Be Authentic For V-Day
The spirit of distrust in our society dictates that every act of kindness comes with ulterior motives or strings attached. But why do we need an excuse to show affection or a special day to display love physically and materially?
Don’t get us wrong — we’re not trying to impose the obligation to treat your loved one to a nice dinner every single night. But the validity of such a celebrated “holiday” as Valentine’s Day should be questioned when these displays of affection become the only means of communication in a relationship or when it fosters the mindset that ribbon-finished bears and the “love is in the air” spirit can reconcile all problems as a default, or when it splits the entire world into two parties – those who are single and those who have a significant other – bringing flashes of the first Tuesday after the first Monday in the month of November. Valentine’s Day should never be the reason — for those who are single, it should not be the reason for being depressed and resentful; for those in a relationship, it should not be the reason for showing love or compensating for unspoken instabilities within a couple.
The whole idea of Valentine’s Day has been so scrutinized on one side and hyped up on the other that feelings across the whole spectrum have become over-dramatic and hyper-emphasized. Today, more so than the already unnecessary pressure to give into Valentine’s Day consumerism, the media around this enterprise creates the pressure to go into uncharted creative territory by going beyond the instant-buy box of chocolates and giving something homemade and home-cooked because, apparently, it means more. This mindset reduces the “it’s the thought that counts” aspect behind every card and box of chocolates purchased. But if the well-being of our relationships relies on such silly technicalities, then the shallowness of our day dangerously challenges the supposed meaninglessness of any off-the-shelf Hallmark card.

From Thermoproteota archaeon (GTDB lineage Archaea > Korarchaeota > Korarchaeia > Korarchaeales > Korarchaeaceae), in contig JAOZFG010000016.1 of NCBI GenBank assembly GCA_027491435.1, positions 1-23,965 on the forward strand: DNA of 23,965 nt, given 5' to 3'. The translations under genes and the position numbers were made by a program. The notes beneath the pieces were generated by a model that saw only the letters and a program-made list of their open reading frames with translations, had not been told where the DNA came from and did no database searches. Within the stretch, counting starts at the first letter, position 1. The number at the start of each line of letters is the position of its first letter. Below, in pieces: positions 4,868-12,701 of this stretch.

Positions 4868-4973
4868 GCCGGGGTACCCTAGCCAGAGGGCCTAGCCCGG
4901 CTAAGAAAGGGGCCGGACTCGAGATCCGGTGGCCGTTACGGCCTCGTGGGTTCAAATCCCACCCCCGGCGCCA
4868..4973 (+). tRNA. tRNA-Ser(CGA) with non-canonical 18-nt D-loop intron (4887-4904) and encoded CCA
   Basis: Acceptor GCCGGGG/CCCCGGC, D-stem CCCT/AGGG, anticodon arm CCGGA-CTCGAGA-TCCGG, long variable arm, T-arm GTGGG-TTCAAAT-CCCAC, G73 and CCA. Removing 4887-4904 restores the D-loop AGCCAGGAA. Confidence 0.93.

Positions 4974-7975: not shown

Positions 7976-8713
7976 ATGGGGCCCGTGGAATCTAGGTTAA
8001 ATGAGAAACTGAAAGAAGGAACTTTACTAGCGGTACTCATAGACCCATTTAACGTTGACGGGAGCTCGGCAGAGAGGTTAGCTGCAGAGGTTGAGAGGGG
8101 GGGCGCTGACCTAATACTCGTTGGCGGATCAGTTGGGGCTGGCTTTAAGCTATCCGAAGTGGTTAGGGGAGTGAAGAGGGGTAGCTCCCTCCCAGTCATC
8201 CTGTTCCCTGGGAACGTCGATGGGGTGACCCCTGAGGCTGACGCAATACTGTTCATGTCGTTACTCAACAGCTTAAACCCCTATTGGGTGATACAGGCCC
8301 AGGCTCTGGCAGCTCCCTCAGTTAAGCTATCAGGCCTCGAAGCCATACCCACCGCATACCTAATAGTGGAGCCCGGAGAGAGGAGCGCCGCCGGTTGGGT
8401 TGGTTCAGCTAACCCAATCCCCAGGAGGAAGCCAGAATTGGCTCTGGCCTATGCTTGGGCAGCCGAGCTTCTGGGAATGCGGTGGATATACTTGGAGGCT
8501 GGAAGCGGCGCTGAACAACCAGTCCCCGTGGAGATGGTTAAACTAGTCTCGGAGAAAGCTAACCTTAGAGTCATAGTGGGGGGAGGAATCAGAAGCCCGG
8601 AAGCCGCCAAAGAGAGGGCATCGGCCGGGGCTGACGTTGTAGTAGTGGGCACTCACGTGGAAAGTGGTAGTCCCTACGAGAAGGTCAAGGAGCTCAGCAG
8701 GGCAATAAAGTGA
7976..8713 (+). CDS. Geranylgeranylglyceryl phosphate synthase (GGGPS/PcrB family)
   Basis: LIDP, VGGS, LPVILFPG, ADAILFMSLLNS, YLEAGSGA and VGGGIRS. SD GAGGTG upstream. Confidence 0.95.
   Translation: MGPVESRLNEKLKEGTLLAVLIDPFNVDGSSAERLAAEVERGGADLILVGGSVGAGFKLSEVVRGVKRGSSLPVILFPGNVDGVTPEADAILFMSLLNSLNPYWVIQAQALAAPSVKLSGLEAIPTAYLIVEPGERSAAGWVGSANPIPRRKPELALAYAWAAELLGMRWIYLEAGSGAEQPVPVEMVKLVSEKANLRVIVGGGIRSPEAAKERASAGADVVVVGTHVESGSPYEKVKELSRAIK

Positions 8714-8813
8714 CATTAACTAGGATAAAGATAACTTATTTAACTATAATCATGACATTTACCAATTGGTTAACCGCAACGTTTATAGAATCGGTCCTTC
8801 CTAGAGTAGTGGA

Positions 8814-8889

On the other side, if Feb. 14 provokes the hostility of Single’s Awareness Day – ice cream pints in hand and ex-boyfriend or ex-girlfriend item-burning – then the cruel expectations that society has for people to be in relationships in order to be happy are twisted as well. This day should not make those who are single feel like they are missing an essential component to their happiness.
Valentine’s Day should not be viewed as a day mocking those who are not currently in a relationship, nor should the strength of a relationship be measured by how extensive the day’s festivities go.
There’s nothing wrong with not celebrating Valentine’s Day. After all, there are 364 other days in the year where spontaneity will overpower and outscore the expectations of Feb. 14.
For those who are in a relationship and wish to go all out on Valentine’s Day, may it be a celebration of a love that already exists, and not one that forcefully arises because of the influence that Hallmark and consumerism have on our society. On the other hand, Valentine’s Day should not be a celebration limited to those who are in a relationship. After all, for those who are single, there is no rule that states platonic love cannot be celebrated on the 14th of the month.
Please send comments to email@example.com. Include your name, year and major.